3. I picked it up to look at it in the bookstore. I thought the title was provocative, "The Feminine Mistake." She's a good writer, but as I was glancing at it, I felt like she was shouting at people like my Mom and yours.

    Then I was reading The New Yorker and found out she's out to make yet another case against women staying at home or working part time. In a way, her argument makes perfect sense: economics. And I agree with her pragmatic pov, however, why take it out on other women? Why not question our politics, our economics, which has wrought this situation. I can't see any solutions that either the ivy league women or east coast Bennetts are giving us.

    Regarding that Canadian guy: I think he should consider saying his thoughts aloud, then looking at the impact he himself would have on an individual Korean woman.

    That guy sounds pompous. Not someone I'd spend a lot of time knowing.

  4. "Not someone I'd spend a lot of time knowing." Ha! comment...

    He's in good company. The pompous and smug run wild in Korea.

    Of course, when I deal with them, they're usually not so pompous or smug after I'm done with them.

    Of course, I realize that my glee in taking them down a few notches also makes me pompous and smug too.

  5. My mother stayed at home for my first ten years, then went back to work. I do remember missing her when she was no longer at home, but feeling proud to put something other than 'housewife' in the blank for 'Mother's Occupation.'

    It is silly that we have a low opinion of housewives, but even now I catch myself over-explaining when people ask me what I do in an effort to avoid telling them that I am now a housewife. I worked when my kids were small and as they loved the childcare center where I left them (and managed to learn fluent Japanese there), it was never a problem. But I would not have dreamt of lording it over the stay-at-home moms in the neighborhood, and fortunately, none of them made me feel guilty for going out to work. Being a mother is a tough job whether you stay at home with your kids or decide to go out and work. Every situation is different, and all kids respond differently to childcare, too.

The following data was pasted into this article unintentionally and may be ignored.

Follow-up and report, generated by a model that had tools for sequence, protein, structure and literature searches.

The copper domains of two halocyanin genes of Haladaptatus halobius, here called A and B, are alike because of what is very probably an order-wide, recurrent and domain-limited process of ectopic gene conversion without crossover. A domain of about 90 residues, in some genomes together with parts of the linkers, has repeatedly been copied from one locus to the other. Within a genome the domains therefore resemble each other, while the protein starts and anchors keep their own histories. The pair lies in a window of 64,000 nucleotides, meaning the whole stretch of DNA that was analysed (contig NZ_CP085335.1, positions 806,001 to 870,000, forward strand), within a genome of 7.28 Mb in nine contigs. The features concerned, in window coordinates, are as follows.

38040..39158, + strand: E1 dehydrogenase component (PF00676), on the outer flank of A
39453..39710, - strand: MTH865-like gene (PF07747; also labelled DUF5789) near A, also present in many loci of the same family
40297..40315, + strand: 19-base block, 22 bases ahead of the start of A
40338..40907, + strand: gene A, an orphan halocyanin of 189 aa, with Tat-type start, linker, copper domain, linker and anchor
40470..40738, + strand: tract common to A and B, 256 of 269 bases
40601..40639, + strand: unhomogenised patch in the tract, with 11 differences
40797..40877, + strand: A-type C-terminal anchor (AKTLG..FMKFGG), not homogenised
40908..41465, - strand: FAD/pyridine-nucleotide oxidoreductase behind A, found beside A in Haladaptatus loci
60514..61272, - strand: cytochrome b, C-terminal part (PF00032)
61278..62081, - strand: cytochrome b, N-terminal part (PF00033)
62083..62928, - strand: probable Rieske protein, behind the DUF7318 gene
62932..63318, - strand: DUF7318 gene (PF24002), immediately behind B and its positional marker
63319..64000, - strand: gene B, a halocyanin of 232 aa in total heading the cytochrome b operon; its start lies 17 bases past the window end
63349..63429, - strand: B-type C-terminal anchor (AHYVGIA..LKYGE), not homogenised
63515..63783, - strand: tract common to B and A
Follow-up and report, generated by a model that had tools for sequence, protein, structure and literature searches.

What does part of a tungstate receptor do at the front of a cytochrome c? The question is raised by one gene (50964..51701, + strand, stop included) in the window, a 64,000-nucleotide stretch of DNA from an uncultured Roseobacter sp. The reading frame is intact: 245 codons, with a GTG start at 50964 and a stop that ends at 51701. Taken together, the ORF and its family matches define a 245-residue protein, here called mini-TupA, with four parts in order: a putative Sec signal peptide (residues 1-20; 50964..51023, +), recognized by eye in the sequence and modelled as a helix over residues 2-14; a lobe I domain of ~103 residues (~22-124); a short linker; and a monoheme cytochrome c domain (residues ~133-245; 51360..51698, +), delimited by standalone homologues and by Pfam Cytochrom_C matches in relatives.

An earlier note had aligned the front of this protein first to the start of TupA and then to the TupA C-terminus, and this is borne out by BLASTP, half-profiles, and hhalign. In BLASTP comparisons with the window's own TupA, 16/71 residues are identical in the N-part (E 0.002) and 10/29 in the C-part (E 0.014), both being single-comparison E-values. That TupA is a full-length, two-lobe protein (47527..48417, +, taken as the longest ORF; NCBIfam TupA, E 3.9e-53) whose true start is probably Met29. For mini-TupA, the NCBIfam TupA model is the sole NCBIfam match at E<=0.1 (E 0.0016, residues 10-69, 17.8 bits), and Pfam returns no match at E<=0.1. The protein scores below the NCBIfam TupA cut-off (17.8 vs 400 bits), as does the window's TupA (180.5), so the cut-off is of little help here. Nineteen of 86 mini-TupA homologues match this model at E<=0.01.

As for Korean mothers, on my visits to Korea, I was always amazed by how strong and tough the women were. People didn't have washing machines in their homes when I was there, and I can still remember seeing women out doing the family laundry in big tubs. Any man who wants to put them down ought to go out and wash his briefs on the stones for a year or two, then come back and diss Korean women.

  6. Hi Mary,

    In his defense I know he was targeting the new breed of Korean housewife. The very well off Han River miracle Korean housewife (look at me, I'm a wuss at times.)

    My point was new money rich or not, they still serve an important function. That's even if they're not regulated to washing clothes on stones.

  7. Well, I don't wash my family's laundry on stones either. But life is complicated enough that even getting them into the machine and pegged out on the line a couple of times a week is more than enough to keep me busy, what with all the other things I end up doing.

    I knew a Korean woman who went with her husband to live in Florida when he was stationed in Pensacola. When their first baby was born, he bought her a washing machine, figuring she'd be thrilled. She told him to take it right back to the store and continued to wash their laundry, including their babies' diapers, in the bathtub. What a woman.

  8. Cute story ;-) But I would have definitely accepted the washing machine gratefully.